User talk:Hoppy08520

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The section 401k match would also be useful in Prioritizing investments. If it's intended for Thrift Savings Plan, consider making this a template for insertion in both pages. I don't know your intentions, or if there is more to do here. --LadyGeek 20:10, 14 December 2014 (CST)

LadyGeek, thanks for your note. I'm intending to do just that. I started writing that blurb to help answer a question in the forum and it grew from there....I'll try to make what I wrote be applicable to 401(k), 403(b), etc. --Hoppy08520 13:55, 15 December 2014 (CST)

First, I retitled (moved) your user sub-pages for clarity. You can also do this, which is the "Move" drop-down entry to the left of the wiki's search box.
Next, User:Hoppy08520/Employer matching contributions looks like it's good enough to be a stand-alone page. Prioritizing investments and Thrift Savings Plan (and others) can then refer to this page for the full details.
I thought the 401k match would be better here, so I incorporated it into the page. If you want to incorporate User:Hoppy08520/Employer matching contributions#Maximizing employer match into other pages, you can use the wiki's <noinclude>, <include> tags to simply include the page and only the desired section will appear. It's an alternative to using templates, but might be more complicated to think about. OTOH, replacing it with a template, especially if you want to use only this section in other pages, would be a good approach.
If you disagree with what I did, just undo the changes.
To move a user page to the "main" area, just move the page and select (main) from the drop-down box. The Hoppy08520: part will disappear.
--LadyGeek 20:38, 15 December 2014 (CST)
Yes check.png Done I have moved the User:Employer matching contributions page to a standalone page. I have added sections on the Roth 401(k) and on SIMPLE IRAs, along with a link to a matching contributions calculator; also added a navigation template and category. --Blbarnitz 09:40, 18 December 2014 (CST)
Thank you LadyGeek and Blbarnitz. I am a starter but not always a reliable finisher. I kept meaning to do that but kept forgetting. Thank you. --Hoppy08520 09:04, 23 December 2014 (CST)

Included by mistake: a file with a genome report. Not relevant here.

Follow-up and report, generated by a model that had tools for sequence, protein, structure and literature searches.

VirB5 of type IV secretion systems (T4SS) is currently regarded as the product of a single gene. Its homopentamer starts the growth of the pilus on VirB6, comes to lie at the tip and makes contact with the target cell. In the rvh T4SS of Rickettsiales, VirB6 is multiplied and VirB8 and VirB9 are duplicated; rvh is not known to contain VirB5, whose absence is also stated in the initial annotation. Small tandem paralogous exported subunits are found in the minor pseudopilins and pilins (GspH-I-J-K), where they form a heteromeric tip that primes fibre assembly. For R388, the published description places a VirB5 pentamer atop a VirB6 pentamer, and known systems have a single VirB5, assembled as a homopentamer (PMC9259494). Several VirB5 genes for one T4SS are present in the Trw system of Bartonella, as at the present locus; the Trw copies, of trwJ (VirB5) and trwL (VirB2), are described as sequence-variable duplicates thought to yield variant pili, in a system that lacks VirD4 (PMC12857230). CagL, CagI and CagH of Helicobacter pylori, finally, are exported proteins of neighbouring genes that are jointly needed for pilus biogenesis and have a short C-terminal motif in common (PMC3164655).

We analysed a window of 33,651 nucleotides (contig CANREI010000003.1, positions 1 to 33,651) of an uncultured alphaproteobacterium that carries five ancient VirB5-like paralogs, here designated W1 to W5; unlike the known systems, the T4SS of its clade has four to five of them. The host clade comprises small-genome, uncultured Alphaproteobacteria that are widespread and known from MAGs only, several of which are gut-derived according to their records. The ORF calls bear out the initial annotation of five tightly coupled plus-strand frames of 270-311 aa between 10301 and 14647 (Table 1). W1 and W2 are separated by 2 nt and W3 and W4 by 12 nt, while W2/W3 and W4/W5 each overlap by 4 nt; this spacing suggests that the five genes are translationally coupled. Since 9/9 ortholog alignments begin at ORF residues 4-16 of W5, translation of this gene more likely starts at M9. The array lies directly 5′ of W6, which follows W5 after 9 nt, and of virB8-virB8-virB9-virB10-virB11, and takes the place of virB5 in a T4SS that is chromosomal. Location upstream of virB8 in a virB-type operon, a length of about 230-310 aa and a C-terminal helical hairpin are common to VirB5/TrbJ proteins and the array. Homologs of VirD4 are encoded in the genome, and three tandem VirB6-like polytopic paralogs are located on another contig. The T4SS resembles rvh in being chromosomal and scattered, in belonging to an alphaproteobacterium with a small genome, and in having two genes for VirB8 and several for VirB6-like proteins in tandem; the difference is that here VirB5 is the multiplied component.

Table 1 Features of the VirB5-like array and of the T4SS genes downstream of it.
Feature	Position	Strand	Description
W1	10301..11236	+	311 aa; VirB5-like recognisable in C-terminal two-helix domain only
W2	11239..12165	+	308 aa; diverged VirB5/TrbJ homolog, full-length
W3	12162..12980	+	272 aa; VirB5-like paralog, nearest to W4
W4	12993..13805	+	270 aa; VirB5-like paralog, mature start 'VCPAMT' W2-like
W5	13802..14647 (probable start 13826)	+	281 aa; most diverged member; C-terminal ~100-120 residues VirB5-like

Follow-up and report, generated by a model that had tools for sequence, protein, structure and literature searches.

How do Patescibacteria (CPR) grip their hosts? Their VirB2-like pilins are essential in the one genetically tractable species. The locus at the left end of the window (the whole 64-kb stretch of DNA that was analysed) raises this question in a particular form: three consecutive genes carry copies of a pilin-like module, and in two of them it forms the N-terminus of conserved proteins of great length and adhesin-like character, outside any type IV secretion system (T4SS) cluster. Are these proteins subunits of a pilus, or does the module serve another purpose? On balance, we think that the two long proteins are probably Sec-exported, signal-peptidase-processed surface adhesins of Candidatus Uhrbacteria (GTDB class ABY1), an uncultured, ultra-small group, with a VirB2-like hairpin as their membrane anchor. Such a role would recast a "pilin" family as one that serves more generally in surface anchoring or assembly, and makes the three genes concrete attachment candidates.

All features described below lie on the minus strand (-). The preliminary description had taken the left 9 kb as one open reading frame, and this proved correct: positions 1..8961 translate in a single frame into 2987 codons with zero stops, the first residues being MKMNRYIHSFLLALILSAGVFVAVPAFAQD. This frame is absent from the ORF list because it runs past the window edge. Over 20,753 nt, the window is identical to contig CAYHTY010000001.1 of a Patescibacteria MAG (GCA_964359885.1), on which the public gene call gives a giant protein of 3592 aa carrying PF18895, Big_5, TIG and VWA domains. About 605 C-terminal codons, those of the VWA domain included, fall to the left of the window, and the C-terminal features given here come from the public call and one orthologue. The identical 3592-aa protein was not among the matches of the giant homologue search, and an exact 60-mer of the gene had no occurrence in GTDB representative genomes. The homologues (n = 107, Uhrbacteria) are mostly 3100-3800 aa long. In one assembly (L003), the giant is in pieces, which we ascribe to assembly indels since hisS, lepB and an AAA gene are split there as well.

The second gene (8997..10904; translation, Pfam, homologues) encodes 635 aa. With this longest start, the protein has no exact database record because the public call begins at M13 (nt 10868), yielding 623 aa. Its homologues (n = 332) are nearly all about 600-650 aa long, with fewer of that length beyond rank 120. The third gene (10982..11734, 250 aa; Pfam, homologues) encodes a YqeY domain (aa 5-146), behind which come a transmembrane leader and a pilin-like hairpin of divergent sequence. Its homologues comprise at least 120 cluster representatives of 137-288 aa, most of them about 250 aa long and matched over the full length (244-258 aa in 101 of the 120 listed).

I don't understand your comment starting with "I'm finding that I wish I could see this hidden category..." Can you please supply an example, or try explaining the idea in a different manner? Are you referring to the use of categories in a User page (what this is)? --LadyGeek 15:34, 7 April 2015 (CDT)

Testing new forum post [1] Testing new post without date[2]


Misc Stuff I'm Working On

User: Hoppy08520

I'm finding that I wish I could see this hidden category. Occasionally I see a page that should have this category, but I need to view the source to see if the category has been added to the page pr mpt. Moreover, I think it would actually be educational for readers to see that a page has information that can change from one year to the next. It gets people in the mindset that some figures can and do change annually. But I don't feel that strongly about it and

Pages under development:

BernsteinEstimates.png

To Do

Merge duplicative parts in AA in Multiple Accounts

In TSP

  • Considerations for transferring in to TSP
  • Comparison of TSP with 401(k) and similar DC plans
  • Distribution considerations

401k match

Maximizing employer match

If your employer provides a matching contribution, you will want to maximize that amount. Take into account the following considerations:

  • Some employers match employee contributions only as they are made from payroll, and do not offer "make up" or "true up" contributions; one such employer is the Federal Thrift Savings Plan. This can cause an employee to lose out on some matching funds if:
    • The employee contributes the IRS maximum before the end of the year.
    • The employee suspends contributions for any period of time.
  • If the employer does offer true up contributions, then any shortfall in matching funds because of the scenarios above, will be added to the employee's matching funds at the end of the year to "true up" the employer's match. If your employer does offer to true up contributions, then many of the details in this section do not concern you as your employer will make sure you gain the maximum match.

Considerations for those who want to maximize their contribution to the IRS maximum, and earn the maximum match available:

  • Ideally, if you plan to contribute the IRS maximum, you should contribute a fixed amount per pay period as opposed to a percentage. For example, supposing you are paid two times per month and the IRS maximum is $18,000, then you should elect to contribute $750.00 per pay period ($18,000 / 24).
  • Many plans do not allow participants to specify a fixed contribution per pay period, but only offer a percentage contribution based on salary. In this case, calculate what percentage it would take to maximize over the course of the year. For example, if you earn $100,000 per year, and are paid twice per month, and the IRS maximum is $18,000, then, you would choose 18.0%.
  • If you have a variable salary, or if you get a raise or salary reduction, then you'll need to regularly recompute your contribution amounts to make sure you wind up contributing the maximum amount while also earning the highest matching amount you can.


Forum post rewrite scratch

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References

  1. Bogleheads® forum topic: The Three Fund Portfolio. 7 April 2019
  2. Bogleheads® forum topic: The Three Fund Portfolio